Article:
Our Constitution authorizes the president of the United States to reject legislation that’s not in the national interest. The reason: the president is the only public official elected to represent all of the American people.
That confers upon the president the singular responsibility to make decisions based on what best serves the country as a whole, not any collection of districts or states and not, for that matter, any single political party.
In carrying out that responsibility, presidents dating to George Washington have found it necessary to exercise their veto authority 2,563 times to date.
That includes Ronald Reagan’s 78 vetoes, the most of any president in modern time, and Barack Obama’s two vetoes, the fewest of any president since the Civil War.
Obama, though, is about to make it three.As early as Monday, the Republican-controlled Congress will send him a bill meant to force approval of the Keystone XL tar sands pipeline.
Obama has said he’ll veto the bill, and well he should. This bill is exactly what our Constitution had in mind when it authorized our chief magistrates to provide a check against congressional overreach.
Under a policy put in place in 1968 and updated by President George W. Bush, it is the president’s job to review cross-border infrastructure projects like the Keystone XL pipeline, which would link Gulf Coast refineries to Canadian tar sands.
In determining whether to green-light the project, the president is guided by a single question: is it in the national interest?
To answer that question, Obama has put the project before the U.S. State Department, which oversees our foreign policy. State is being aided by additional advice and counsel from a host of additional agencies: the Department of Energy, the Commerce Department and the Environmental Protection Agency, among others.
Only within the past two weeks have these agencies weighed in with views as to whether this is in the national interest. Those perspectives are receiving thorough consideration and undergoing assessment within the administration as part of a deliberative process aimed at reaching the best possible decision.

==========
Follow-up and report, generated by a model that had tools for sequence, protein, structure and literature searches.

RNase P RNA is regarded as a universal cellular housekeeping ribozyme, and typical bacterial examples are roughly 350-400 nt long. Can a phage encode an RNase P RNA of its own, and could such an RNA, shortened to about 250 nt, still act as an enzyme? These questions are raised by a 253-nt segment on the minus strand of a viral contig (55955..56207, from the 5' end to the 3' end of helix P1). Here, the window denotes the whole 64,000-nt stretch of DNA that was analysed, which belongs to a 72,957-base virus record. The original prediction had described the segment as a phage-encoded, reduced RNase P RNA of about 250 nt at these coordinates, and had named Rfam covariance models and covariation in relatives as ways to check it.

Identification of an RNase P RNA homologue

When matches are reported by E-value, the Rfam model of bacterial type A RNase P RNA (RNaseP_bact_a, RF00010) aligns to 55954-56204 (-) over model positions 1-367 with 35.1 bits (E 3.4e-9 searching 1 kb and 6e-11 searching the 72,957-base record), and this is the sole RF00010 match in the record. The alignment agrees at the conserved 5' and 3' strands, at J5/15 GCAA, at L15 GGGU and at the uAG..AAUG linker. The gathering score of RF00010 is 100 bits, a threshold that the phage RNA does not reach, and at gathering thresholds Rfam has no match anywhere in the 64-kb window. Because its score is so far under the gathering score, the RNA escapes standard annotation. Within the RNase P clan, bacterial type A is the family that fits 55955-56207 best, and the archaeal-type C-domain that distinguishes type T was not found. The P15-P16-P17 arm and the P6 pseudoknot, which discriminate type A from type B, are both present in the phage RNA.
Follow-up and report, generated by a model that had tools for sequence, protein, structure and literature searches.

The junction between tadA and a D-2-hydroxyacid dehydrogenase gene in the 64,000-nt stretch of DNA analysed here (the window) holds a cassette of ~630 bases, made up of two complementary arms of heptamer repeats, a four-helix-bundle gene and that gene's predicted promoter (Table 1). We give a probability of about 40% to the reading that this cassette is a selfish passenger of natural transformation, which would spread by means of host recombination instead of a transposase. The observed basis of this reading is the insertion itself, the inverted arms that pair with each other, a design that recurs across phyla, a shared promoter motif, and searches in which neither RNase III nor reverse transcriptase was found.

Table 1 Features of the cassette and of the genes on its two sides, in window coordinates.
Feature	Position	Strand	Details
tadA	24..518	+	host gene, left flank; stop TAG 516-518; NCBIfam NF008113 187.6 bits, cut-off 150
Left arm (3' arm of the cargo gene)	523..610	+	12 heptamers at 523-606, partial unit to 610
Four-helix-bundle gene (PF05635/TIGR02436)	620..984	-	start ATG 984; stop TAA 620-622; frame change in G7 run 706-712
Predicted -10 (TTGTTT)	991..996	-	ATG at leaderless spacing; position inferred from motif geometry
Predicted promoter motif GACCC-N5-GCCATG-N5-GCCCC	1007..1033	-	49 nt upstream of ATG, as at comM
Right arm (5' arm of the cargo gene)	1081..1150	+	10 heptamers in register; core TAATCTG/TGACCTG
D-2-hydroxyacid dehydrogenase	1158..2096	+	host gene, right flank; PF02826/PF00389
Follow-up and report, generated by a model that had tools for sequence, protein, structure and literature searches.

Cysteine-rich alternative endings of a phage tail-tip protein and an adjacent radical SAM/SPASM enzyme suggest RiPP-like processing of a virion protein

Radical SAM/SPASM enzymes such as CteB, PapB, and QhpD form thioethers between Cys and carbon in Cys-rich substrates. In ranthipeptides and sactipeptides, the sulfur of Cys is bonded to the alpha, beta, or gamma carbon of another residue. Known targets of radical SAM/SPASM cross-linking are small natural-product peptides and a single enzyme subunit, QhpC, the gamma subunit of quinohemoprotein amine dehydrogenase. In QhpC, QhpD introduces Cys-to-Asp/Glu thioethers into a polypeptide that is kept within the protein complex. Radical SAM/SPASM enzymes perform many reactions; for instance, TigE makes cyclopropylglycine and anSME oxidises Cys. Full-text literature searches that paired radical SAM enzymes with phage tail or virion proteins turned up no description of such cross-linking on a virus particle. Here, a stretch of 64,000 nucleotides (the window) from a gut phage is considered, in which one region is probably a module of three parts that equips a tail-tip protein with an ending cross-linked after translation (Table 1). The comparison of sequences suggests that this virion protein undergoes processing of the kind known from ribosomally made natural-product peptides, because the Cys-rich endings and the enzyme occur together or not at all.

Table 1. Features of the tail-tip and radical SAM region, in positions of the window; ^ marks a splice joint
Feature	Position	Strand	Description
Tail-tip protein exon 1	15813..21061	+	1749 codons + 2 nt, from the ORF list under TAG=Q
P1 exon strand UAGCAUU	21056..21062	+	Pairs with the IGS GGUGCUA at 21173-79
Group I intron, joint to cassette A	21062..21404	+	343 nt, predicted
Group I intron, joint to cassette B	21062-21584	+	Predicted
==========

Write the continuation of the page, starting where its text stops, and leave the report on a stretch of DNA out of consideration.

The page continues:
The GOP leaders in Congress would bypass that process, set aside the judgment it renders and assert upon the nation their political calculus that the pipeline must be built at all costs.
That’s exactly the kind of congressional overreach the authors of our Constitution called on the president to keep in check.
Congress wasn’t designed to be a permitting agency, to usurp executive authority or to short-circuit the process of informed evaluation already well underway.
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Those are good reasons for the president to reject this bill. Then he can take the next step and kill the tar sands pipeline outright.
It’s a fair question as to why the GOP leadership picked the pipeline bill as the first order of business for the 114th Congress.
Republican leaders say they want to make progress, and yet they opened the new Congress with a bill they knew the president would veto. Why would they deliberately overlook the opportunities to make progress when there is broad bipartisan agreement on energy measures like expanding renewable power on public lands and extending tax incentives to encourage energy efficiency and promote wind and solar power?
Is it because the fossil fuel industry spent more than $720 million over just the past two years to advance its allies and agenda in Congress? That’s a legitimate point of inquiry as well.
Strip out the politics, though, and this much is clear: the dirty tar sands pipeline is not in our national interest.
It’s a plan to pipe some of the dirtiest oil on the planet through the breadbasket of America so it can be refined on our Gulf coast into fuels that will mostly be shipped overseas. That’s not a plan to help our country. It’s about big profits for big oil - and big pollution for the rest of us.
Instead of piping dirty oil across our heartland waterways, ranches and farms; instead of staking our future on a project that would drive up the carbon pollution that’s driving climate change; and instead of enabling the expansion of one of the most destructive industrial processes ever devised in the wild boreal forest of Canada, let’s do something else.
Let’s invest in energy efficiency, so we can do more with less waste. Let’s get more of our power from the wind and sun. And let’s build, in this county, the best hybrid and all-electric cars anywhere one the planet.
And, while we’re at it, let’s keep three things straight.
It’s the president’s job to advance and defend our national interests. The tar sands pipeline would anchor our future to the dirty fuels of the past. It’s in our interest, as a nation, to invest in the clean energy future.
Rhea Suh is president of the Natural Resources Defense Council, an environmental advocacy organization with more than 1.4 million supporters and activists nationwide.